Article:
Mississippi College Supports Civil Rights Museum
Mississippians celebrating the state’s Bicentennial will welcome the opening of two new museums.
The Mississippi Civil Rights Museum officially opens in downtown Jackson on December 9. Located a few yards away, the Museum of Mississippi History will be unveiled before a sea of visitors that Saturday. The grand opening at 11 a.m. will include activities from live music to guest speakers and food trucks.
Mississippi College leaders on October 10 donated $25,000 to enhance the two museums that showcase the state’s two hundred-year history. More than 22,000 Mississippi artifacts will be displayed over 200,000 square feet of space.
Chartered in 1826, Mississippi College remains the Magnolia State’s oldest institution of higher learning. Founded as Hampstead Academy in Clinton, MC is the nation’s second oldest Baptist college. MC opened just nine years after Mississippi achieved statehood in 1817.
With that sense of history in mind, President Lee Royce is delighted to present the check to support both museums.
“We applaud the impressive educational opportunities afforded by these two new museums,” Royce said. “We have served and thrived in Mississippi, and we are honored to participate in this great Bicentennial project.”
Mississippi College survived the Civil War, the Great Depression and two world wars. Opened in 1860, historic Provine Chapel became converted into a hospital for the wounded troops of Northern Gen. Ulysses S. Grant. MC today enrolls 5,121 students at its main campus in Clinton and MC School of Law in Jackson.
MC offers more than 100 academic programs. The majority of the Christian university’s students are from Mississippi. But they also come from 30 other states. MC’s 261 international students come from 43 countries, led by China, India, Saudi Arabia and Nepal.
Museum leaders including former Jackson Mayor Kane Ditto applaud the strong support coming from the state and private sector. More than $18 million in private donations has been raised to benefit the two museums. The state committed $90 million, primarily from the Mississippi Legislature.
Ditto believes the two museums located in the heart of Mississippi’s capital city will play a significant educational role for generations to come.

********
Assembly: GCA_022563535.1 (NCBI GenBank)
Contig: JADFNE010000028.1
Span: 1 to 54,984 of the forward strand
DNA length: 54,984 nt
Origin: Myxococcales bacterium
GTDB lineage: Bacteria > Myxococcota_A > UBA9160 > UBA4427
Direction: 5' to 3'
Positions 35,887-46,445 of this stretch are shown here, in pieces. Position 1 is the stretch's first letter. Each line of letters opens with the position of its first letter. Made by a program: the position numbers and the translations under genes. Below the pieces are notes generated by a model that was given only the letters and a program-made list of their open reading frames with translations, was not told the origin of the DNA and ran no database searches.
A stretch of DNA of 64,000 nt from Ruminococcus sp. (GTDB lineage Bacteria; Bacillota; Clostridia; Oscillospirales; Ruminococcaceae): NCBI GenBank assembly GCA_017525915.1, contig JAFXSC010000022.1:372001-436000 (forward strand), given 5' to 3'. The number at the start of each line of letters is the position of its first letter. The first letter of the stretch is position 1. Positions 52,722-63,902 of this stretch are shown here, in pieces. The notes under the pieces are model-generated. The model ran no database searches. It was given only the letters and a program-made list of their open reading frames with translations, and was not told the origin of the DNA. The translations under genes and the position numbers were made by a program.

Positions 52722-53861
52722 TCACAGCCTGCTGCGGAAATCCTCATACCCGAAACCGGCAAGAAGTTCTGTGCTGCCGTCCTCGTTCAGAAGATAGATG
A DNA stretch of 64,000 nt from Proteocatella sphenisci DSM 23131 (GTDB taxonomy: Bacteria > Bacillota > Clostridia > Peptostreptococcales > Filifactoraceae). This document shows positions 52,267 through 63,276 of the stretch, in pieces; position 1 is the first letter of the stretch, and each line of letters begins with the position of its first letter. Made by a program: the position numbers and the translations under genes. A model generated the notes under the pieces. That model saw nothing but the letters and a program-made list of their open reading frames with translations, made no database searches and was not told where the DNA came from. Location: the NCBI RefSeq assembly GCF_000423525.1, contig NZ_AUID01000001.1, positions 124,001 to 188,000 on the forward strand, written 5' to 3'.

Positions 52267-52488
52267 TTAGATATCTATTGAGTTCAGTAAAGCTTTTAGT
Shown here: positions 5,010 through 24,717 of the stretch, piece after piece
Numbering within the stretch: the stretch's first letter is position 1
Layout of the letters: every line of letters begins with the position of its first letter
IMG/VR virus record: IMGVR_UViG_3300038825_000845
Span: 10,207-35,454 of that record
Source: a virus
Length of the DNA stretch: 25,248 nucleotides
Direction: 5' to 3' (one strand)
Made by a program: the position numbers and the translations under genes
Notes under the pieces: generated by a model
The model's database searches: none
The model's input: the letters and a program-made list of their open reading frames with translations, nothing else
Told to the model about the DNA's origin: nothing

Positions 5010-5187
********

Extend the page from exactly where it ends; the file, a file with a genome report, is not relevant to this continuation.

“It is important for the state to tell our story honestly and fully,” Ditto said. He serves as president of the Board of Trustees of the Mississippi Department of Archives and History.
“These museums will give all Mississippians, and especially young people, the opportunity to understand and appreciate what has come before them and inspire them to make history themselves,” noted the former Jackson mayor.
The Mississippi history museum will feature the story of Native Americans, speak to technology advances in agriculture, touch on its diverse culture, detail the state’s struggles as well as highlight educational and healthcare accomplishments.
The new museum will contain a clock frozen in time from destructive Hurricane Katrina that battered South Mississippi in 2005. The Civil Rights museum will contain eight interactive galleries. It will enable people to have a greater understanding of the national impact of the Mississippi Civil Rights Movement.
Vice President for Academic Affairs Ron Howard applauds the opening of the two new museums, and Mississippi College’s role in helping the fund drive. “MC is happy to contribute to making the history of our state better known to the rising generations. We can all learn from the past.”
Mississippi’s historical experience, Howard said, “teaches that we all must work together and respect each other’s freedoms and rights in order to advance the quality of life for all our people.”